Refugee settlements in East Africa are usually located in dryland areas with poor soils and lack of irrigation water, creating more challenges in these vulnerable communities. Refugees rely on food rations from relief aid, mostly consisting of dry cereals that take a long time to cook, requiring a large amount of energy. Providing affordable and sustainable energy resources for refugees and their host communities poses a significant challenge.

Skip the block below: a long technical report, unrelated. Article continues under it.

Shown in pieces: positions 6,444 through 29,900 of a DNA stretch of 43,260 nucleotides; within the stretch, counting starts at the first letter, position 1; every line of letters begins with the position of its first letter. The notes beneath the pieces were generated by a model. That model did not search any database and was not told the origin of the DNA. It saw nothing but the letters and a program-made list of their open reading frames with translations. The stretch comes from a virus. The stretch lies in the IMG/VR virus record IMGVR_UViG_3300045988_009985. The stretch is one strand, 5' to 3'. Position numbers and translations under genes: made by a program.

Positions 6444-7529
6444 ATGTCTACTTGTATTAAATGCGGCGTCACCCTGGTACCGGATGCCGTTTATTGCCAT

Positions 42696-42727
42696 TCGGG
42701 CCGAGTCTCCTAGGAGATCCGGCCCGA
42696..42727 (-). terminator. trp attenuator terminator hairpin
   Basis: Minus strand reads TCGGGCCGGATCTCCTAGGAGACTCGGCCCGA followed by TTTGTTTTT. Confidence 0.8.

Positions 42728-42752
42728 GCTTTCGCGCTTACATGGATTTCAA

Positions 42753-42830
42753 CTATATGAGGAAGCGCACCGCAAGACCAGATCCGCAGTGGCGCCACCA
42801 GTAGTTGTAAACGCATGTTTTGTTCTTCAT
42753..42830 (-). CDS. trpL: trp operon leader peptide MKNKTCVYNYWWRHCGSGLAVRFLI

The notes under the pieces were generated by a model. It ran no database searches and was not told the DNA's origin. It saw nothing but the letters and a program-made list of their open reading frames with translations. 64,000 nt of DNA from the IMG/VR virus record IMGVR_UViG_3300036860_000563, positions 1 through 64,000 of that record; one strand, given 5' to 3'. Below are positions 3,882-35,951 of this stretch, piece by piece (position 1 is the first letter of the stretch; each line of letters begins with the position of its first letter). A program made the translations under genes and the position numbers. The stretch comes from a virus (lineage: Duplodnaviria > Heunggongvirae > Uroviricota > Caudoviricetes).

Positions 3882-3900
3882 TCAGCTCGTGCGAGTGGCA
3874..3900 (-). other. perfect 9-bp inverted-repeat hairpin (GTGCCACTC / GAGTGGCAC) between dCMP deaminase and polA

In this episode of Let’s Talk Trees, World Agroforestry (ICRAF) bioenergy research scientist Mary Njenga, and Associate Director for Gender Initiatives at Pennsylvania State University Ruth Mendum discuss their experiences working with such communities in Uganda, Kenya and Ethiopia. They highlight the importance of working with both and their host communities to ensure best practices are deployed to produce food and cooking energy sustainably in the landscape. A gender-inclusive approach is critical to ensuring effective resource management, as women and children make up the majority of the inhabitants of refugee camps and settlements in East.